Bankruptcy has forced the island nation's government to a near standstill. Parliament is expected to elect a new leader Wednesday, paving the way for a fresh government, but it is unclear if that's enough to fix a shattered economy and placate a furious nation of 22 million that has grown disillusioned with politicians of all stripes.
A day after Sri Lanka’s president fled, Mohamed Ishad waited outside an immigration office near the capital, clutching a file of documents that he hopes will get his passport renewed so he can leave, too.
With the nation in the throes of its worst economic crisis, Ishad has no job, relies on relatives for financial help and sells vegetables to feed his wife and three children. He wants to go to Japan and find work there so he can send money back home.
Ishad is devastated to leave his family behind, but feels there is no choice — and no opportunity — in his country. “Living in Sri Lanka right now is not good — if you want a good life, you need to leave,” he said. Not only has the economy collapsed, but “there’s hardly a government functioning right now.”
Bankruptcy has forced the island nation’s government to a near standstill. Its once-beloved and now reviled former President Gotabaya Rajapaksa fled to Singapore before resigning last week. The acting president and prime minister, Ranil Wickremesinghe, is seen as his proxy and opposed by angry crowds.
The political ruckus has deepened worries that solutions to the crisis, including a crucial assistance from the International Monetary Fund, may be delayed.
“Right now, the eye is off the ball,” said Dayan Jayatilleka, a former diplomat and political analyst. “It’s like in the middle of a serious surgery, everybody from the top surgeon to the anesthesiologist, ran out of the operation room to start a revolution — but they need to come back and finish the surgery before the patient is dead.”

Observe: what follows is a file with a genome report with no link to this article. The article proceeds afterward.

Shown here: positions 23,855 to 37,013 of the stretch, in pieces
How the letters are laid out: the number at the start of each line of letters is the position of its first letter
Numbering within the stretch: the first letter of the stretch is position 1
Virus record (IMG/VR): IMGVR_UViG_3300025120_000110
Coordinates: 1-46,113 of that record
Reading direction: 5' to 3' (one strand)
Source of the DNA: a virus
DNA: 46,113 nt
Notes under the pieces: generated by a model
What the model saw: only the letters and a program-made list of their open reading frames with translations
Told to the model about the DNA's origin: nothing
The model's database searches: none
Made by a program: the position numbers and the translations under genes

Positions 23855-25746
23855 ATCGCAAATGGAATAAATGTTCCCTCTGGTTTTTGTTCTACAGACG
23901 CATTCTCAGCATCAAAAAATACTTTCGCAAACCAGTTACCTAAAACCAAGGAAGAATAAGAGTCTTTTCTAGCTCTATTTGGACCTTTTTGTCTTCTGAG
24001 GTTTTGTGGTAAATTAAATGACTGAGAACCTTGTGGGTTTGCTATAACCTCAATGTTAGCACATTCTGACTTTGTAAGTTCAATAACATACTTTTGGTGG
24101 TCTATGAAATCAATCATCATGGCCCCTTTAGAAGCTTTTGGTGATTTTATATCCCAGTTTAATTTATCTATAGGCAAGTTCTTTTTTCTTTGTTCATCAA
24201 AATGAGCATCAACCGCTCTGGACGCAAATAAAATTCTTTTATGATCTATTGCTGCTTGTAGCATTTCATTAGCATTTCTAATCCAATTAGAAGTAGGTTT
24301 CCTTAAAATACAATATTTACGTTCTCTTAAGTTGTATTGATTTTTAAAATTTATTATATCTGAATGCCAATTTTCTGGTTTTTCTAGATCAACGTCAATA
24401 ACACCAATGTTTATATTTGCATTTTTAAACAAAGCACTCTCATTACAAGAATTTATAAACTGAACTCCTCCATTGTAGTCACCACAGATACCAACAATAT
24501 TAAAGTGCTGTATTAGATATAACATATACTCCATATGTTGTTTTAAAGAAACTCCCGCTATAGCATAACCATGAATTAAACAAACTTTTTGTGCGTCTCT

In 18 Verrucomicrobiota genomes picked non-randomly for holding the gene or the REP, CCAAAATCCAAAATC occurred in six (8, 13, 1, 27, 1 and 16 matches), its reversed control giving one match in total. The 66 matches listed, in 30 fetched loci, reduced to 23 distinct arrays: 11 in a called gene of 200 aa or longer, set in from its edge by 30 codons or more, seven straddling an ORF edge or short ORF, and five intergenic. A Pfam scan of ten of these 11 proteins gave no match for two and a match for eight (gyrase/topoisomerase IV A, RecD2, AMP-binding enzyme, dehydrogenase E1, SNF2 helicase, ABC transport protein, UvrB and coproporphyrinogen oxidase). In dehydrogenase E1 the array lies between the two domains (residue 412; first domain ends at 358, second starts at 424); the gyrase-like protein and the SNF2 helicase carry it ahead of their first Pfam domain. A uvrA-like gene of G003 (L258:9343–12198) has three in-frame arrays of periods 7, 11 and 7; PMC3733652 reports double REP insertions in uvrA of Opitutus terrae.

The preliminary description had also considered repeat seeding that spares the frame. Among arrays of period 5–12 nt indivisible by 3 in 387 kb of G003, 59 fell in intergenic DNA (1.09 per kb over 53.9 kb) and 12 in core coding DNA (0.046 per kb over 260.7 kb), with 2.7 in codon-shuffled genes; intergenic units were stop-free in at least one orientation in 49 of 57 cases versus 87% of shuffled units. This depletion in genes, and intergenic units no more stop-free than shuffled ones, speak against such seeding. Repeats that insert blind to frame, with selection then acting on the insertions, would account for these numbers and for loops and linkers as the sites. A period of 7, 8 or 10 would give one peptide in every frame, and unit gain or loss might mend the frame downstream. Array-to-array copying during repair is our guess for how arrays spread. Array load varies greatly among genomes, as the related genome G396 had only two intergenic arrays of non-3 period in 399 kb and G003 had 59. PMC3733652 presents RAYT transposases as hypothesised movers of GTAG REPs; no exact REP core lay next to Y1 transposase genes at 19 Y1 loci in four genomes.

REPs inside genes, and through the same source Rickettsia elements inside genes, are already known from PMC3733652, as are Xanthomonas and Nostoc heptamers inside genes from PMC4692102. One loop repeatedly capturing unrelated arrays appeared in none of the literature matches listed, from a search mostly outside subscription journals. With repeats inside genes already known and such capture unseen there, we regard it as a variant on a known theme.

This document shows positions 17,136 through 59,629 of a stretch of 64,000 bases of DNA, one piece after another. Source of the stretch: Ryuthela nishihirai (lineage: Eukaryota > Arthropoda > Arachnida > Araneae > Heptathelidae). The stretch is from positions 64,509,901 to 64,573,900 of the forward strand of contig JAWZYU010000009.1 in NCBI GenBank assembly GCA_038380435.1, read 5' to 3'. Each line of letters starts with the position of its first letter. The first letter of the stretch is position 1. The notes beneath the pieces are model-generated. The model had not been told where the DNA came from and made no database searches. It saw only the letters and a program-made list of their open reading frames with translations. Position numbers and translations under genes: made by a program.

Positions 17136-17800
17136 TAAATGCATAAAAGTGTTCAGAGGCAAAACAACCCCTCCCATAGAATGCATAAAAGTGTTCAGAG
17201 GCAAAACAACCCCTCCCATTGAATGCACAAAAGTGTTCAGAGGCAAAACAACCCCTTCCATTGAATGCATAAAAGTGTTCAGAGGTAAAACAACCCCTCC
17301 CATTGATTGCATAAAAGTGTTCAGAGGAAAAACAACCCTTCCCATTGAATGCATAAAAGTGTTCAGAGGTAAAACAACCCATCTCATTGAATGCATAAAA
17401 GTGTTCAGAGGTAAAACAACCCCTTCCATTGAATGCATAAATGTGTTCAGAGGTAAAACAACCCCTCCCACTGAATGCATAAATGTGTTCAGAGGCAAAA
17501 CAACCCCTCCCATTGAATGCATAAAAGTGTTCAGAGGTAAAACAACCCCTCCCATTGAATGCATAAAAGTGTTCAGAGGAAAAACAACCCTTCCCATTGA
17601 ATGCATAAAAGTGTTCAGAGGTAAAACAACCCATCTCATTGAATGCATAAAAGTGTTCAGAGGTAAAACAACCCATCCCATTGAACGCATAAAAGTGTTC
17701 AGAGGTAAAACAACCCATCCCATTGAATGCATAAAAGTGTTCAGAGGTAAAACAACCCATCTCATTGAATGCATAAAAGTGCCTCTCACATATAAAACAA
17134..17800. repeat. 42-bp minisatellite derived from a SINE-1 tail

The IMF is monitoring the situation closely, but any bailout package will be contingent on Sri Lanka’s debt-restructuring strategy and political stability. “People are probably thinking, who do we talk to? Don’t you guys care about the economy? Will the real president please stand up?” Jayatilleka said.
For months, the country has been on edge, triggered by a foreign exchange crisis that has crippled imports of essentials like fuel, food and medicine. Doctors are warning people to not get sick while families are struggling to eat three meals a day in a country that was once an inspiration across South Asia for its expanding middle class and high per capita income.
Now, the government owes $51 billion in debt and is unable to make payments on its loans. Its currency has collapsed by 80%, making imports more expensive and worsening inflation. Sri Lanka has only $25 million in usable foreign reserves and needs $6 billion to stay afloat over the next few months.
“Gotabaya resigning is one problem solved — there are so many more. They will continue if we don’t make the right choice in choosing our leaders,” said Bhasura Wickremesinghe, a 24-year-old maritime engineering student.
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